Posts Tagged ‘paintings’

New hard-edge paintings: The ‘Confluent’ series

February 21st, 2015 | No Comments

I’m pleased to introduce this new pair of studies, part of a series I’ve assigned the working title Confluent.

Each is painted on a cradled panel measuring 10 inches square by 1.5 inches deep (25 x 25 x 4 cm).

hard-edge painting
hard-edge painting
hard-edge painting
hard-edge painting
New hard-edge paintings: Confluent #1 in white, and Confluent #2 in navy-black.


I’ve had hard-edge painting on my mind quite a bit lately, as I’ve begun to re-examine minimal painting. I’ve been thinking about how Frederick Hammersley had two different styles of painting: his hard-edge pieces and his organic “hunches.” As I have veered between minimalism and maximalism in my own work, I can appreciate how Hammersley explored these two very different, very personal approaches to painting throughout his life — one very rational and formal, another very subjective and intuitive. When one approach went stale, he returned to the other.

Right now, I’m pursuing a more rational and formal approach in my work. While I’m starting from familiar ground, it seems like I’m going somewhere new. I will certainly share my newest discoveries with you soon.

Grant Wiggins


A Return to Minimal Painting

February 12th, 2015 | No Comments

Over the past two months I have shifted my focus back to minimal painting, with new focus, commitment, and energy.

I embarked upon a new series, titled Reciprocal, in December. Thus far, I have produced six paintings. Below are the three larger works.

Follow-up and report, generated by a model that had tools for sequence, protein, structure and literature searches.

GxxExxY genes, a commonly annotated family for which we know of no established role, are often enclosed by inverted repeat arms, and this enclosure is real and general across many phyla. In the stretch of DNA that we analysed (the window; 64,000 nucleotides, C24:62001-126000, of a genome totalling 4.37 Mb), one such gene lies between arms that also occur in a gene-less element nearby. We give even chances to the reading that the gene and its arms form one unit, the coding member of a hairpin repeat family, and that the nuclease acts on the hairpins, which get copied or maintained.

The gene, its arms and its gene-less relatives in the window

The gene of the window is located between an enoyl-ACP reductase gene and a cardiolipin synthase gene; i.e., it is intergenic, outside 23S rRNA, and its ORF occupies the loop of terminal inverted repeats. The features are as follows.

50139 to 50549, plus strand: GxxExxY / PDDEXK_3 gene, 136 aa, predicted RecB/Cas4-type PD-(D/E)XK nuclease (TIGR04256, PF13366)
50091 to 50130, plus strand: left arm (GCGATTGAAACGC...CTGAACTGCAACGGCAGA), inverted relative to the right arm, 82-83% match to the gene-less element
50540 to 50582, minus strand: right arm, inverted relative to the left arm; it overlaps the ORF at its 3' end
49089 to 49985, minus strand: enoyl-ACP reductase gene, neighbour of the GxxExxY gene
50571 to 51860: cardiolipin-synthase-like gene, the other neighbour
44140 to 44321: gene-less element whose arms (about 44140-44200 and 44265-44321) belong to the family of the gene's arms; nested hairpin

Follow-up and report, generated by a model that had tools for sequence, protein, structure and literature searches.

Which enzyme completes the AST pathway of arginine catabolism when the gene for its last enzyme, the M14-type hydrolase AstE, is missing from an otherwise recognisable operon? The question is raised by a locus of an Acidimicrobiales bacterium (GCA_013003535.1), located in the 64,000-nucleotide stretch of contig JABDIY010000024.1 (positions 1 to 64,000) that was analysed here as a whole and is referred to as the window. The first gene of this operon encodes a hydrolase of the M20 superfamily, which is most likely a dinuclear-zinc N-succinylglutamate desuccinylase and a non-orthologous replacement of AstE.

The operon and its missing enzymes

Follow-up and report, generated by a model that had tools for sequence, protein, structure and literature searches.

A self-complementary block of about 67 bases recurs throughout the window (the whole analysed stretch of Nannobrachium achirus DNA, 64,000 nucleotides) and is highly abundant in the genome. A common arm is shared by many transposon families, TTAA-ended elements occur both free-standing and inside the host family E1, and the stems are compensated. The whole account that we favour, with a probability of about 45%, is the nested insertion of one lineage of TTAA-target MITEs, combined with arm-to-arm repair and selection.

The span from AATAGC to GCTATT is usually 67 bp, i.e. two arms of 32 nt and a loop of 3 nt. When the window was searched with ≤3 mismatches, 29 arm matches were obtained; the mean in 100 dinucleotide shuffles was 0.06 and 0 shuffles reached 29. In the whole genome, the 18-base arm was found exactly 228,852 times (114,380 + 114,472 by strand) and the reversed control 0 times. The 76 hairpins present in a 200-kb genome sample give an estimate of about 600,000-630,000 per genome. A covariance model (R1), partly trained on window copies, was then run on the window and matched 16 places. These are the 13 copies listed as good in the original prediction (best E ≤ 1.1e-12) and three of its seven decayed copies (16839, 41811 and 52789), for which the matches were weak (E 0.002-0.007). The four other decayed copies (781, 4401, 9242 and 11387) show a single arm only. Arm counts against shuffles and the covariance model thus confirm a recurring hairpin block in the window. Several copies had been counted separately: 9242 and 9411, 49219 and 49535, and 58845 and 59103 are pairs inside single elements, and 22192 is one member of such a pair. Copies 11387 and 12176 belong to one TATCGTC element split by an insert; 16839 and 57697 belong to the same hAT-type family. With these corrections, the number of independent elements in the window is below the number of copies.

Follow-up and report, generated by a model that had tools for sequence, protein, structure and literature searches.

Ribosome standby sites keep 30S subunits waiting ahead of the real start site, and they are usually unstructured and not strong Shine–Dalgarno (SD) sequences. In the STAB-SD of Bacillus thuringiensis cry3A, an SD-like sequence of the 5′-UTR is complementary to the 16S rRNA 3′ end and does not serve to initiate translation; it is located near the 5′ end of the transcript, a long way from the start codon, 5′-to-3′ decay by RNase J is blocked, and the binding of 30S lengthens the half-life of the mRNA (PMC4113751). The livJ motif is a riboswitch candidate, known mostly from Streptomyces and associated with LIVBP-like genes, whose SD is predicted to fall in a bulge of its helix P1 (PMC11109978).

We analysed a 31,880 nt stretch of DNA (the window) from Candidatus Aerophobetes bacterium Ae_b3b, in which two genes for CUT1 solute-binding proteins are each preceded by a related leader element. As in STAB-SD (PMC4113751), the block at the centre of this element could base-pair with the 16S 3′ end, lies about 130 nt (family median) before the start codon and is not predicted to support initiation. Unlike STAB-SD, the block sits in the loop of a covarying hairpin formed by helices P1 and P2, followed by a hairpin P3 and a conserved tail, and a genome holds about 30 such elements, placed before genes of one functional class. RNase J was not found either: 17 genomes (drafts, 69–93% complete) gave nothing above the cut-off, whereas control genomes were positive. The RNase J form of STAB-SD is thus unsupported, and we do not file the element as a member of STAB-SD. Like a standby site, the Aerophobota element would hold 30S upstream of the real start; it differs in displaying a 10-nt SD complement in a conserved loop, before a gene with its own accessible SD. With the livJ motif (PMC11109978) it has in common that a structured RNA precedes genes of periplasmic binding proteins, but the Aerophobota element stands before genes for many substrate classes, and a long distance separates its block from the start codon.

minimal painting
minimal painting
minimal painting
Minimal paintings Reciprocal 1, 2, and 3. December 2014 – January 2015. Each measures 40 inches square (102 cm square) and is acrylic on canvas.


Why return to minimal paintings? Essentially, I felt like I had unfinished business to address.

I had made sketches for minimal paintings over the past couple of years, but I was merely filing them away. As those sketches formed a growing pile, making geometric, pattern-oriented paintings — what I call maximalism — excited me more.

Ultimately, I hit a wall with maximalism last September. I was beginning to see pattern-on-pattern artwork and design everywhere. I felt as if I had nothing to add to the conversation. Lacking direction for nearly three months, I painted nothing.

In early December, I turned a corner. Emboldened by interest in my minimal work from a major fashion design house, I carefully revisited that pile of unpainted minimal sketches. I began to see the sketches in a new way, and realized that they deserved to have a life in physical reality, not simply in pixels.

In 2007 and 2008, I had a remarkably prolific outpouring of minimal works, of nearly three dozen paintings. Most were smaller — each about 10 inches square, painted on panel. Looking back on that era, I realized how much flexibility those smaller works afforded me.

As a part of a new way of working, I am placing greater emphasis on smaller works, viewing them now as studies. For example, below is a trio of studies for Reciprocal 3, made on wood panels.

minimal painting
minimal painting
minimal painting
minimal painting
Three studies for minimal painting Reciprocal 3. December 2014 – January 2015. Each measures 10 inches square by 1.5 inches deep (25 x 25 x 4 cm) and are acrylic on panel-mounted canvas.


Considering the dimensions of these cradled panels — 10 inches square by 1.5 inches deep (25 x 25 x 4 cm) — I’m forced to pay attention to how the compositions will travel onto the sides of the panels. These pieces seem to be more sculptural in nature, as a result. A 40-inch-square (102 cm) canvas would need 6-inch-deep (15 cm)sides to achieve the same effect.